Museo Yacuma. The provenience code "sj-394" refers to a shovel test probe (a small test excavation) at the modern ranch of San Juan (on the southern bank of the lower Iruyañez River). The shovel test was located in the middle of a dense scatter of ceramics, and all of the rim sherds that were recovered from that small probe are arranged into a histogram of rim radii. If you double the radius to make a diameter, then this vessel was about 40 centimeters across. The notes also indicate that it was painted on the upper surface (which would have been easily visible to a user, perhaps someone eating or drinking from the vessel. I used a feature in Adobe Illustrator to try and quickly turn rim profiles into approximations of vessel shape, by rotating the rim profile around an imaginary point at the appropriate distance.
Monday, December 10, 2012
Thursday, December 6, 2012
UNESCO, as the Ichapekene Piesta Moxos was inscribed yesterday on the list of Intangible Cultural Heritage of Humanity. This is a great honor for San Ignacio de Moxos, for indigenous people in the Beni, and for all the people of Bolivia. UNESCO's list contains all kinds of fascinating heritage from all over the world. The Fiesta of San Ignacio is more than three hundred years old, and brings together indigenous culture, Baroque music, costumes and dance into a month long party every year. Make sure to see the photographs (click on the tab) and the video. You can also download the documentation.
Tuesday, December 4, 2012
This project, presented by Crystal McMichael of the Florida Institute of Technology and reported on by Nadia Drake for Wired magazine, uses satellite data to try and tease out the difference between vegetation growing on terra preta (black earth or Amazonian Dark Earth) and other soils. Because black earth is so strongly associated with archaeological sites, this research could allow the vegetation signature (defined by how the trees and plants reflect energy to the EO-1 satellite) to be used to find cultural remains, at a continental scale. When this kind of satellite imagery is combined with field survey (called ground truthing) then the reliability of the imagery is tested, and the survey results can be used to address larger questions.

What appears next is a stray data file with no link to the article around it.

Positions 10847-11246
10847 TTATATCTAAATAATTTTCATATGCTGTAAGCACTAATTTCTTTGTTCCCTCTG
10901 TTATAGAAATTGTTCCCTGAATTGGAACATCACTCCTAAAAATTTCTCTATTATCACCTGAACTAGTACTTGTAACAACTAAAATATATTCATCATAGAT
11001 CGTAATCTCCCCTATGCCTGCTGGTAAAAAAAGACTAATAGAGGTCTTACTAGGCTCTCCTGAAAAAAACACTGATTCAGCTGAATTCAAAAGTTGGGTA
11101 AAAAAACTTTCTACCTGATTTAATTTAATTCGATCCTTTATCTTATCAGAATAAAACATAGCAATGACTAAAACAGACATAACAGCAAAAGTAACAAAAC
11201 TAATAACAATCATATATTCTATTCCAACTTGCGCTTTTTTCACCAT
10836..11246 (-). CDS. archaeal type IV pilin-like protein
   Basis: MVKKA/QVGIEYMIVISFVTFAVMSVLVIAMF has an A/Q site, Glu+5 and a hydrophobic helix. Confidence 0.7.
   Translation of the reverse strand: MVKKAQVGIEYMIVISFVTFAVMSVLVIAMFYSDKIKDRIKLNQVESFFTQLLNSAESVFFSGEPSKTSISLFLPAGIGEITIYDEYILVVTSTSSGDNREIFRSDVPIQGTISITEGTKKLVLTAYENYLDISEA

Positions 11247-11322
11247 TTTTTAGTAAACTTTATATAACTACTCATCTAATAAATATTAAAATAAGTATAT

Monday, December 3, 2012
This is a "raw" photo showing twelve different rim sherds from along the Iruyañez River. This is a style of pottery that seems to be associated with a site called San Juan, which we dated through radiocarbon dates to the mid-first millennium AD. The distinctive feature is the broad flared rim with the repeating fine lines painted on it. There are a few locations along the Iruyañez (including near the San Juan site) where large scatters of these kinds of sherds are present on the surface. Sometimes we can even see faint incised lines cutting across the parallel zigs and zags of the painted lines, almost as though to guide the painting process. The artifacts are of course all in the Museo Yacuma.